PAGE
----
HOW TO GROW ALLIUMS
Those rich violet spheres bring joy to every garden
CHOOSING alliums for the garden is both a pleasure and a challenge. Do you spend your money on good old ‘Purple Sensation’, whose rich violet spheres on stems to 3ft (90cm) make effective border punctuation marks? Or do you try something different, such as ‘Ambassador’, ‘Powderpuff’ or ‘Pinball Wizard’?
For evening, the white spheres of ‘Mount Everest’ bring ethereal beauty, the starry flowers touched with green and eventually black centres. Then there are unusual alliums with flowers like exploding fireworks, springing stems such as the drumstick allium
or surprising shades of deep purple, blue or yellow.
These are the ornamental onions, the showier members of the onion tribe closely related to garlic, leeks and chives. Planted as bulbs in autumn, they settle down to flower year after year, mainly from May to July but at their stunning best in June, alongside lavender, lupins, roses and peonies. Bees and hoverflies are attracted to the nectar-rich flowers and the heads mature and develop attractively, going through several phases before forming parchment-like seedheads.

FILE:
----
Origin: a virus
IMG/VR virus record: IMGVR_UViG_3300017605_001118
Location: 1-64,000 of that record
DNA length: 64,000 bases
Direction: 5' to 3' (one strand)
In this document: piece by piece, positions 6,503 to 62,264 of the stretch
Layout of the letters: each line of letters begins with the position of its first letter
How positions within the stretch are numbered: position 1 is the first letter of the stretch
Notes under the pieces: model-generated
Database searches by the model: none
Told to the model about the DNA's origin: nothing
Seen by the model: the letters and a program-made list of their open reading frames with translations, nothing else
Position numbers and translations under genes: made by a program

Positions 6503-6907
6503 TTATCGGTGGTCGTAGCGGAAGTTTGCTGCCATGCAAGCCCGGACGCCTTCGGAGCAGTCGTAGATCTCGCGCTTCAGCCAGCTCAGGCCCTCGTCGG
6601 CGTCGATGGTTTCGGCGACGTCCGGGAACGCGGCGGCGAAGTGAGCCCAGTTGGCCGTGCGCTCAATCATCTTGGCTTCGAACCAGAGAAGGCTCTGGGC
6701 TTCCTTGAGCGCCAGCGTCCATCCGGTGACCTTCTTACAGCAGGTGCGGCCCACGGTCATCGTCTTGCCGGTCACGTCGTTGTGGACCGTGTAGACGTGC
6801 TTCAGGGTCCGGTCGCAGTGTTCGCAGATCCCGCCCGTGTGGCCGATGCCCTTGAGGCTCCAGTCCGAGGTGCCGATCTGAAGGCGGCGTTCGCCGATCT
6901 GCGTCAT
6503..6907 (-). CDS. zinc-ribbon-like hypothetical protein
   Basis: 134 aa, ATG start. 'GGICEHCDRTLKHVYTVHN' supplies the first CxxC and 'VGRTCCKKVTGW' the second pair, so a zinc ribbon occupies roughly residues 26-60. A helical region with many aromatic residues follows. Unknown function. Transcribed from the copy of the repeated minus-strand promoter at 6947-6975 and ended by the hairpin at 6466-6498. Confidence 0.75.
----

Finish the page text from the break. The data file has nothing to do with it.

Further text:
This ability to die gracefully presents the gardener with a dilemma. We are sometimes instructed to deadhead, because they will often seed themselves about. I would generally view this as an asset, but allowing them to make seed is also said to drain the bulb and potentially jeopardise the size of the next year’s flowerheads. Nevertheless, I treasure ours, so I allow them to stay put. By way of compensation, I make sure the plants are well nourished while in leaf.
Look out for this foliage, because it emerges from bulbs in spring and by flowering time, it’s often yellowing and dying away. As this is not a pretty sight, you should make plans to masked the sad leaves with the foliage of other plants, such as hardy geraniums – an easy task, since in June everything wants to grow with great abundance.
In fact, you can have great fun devising some clever combinations of alliums with roses, grasses and herbaceous perennials.
Allium cristophii is a classic and does well on heavier soils. Short, stout stems 24in
(60cm) tall bear magnificent spheres up to
8in (20cm) across, filled with starry flowers of shimmering violet A. sphaerocephalon (drumstick allium) adds drama to border displays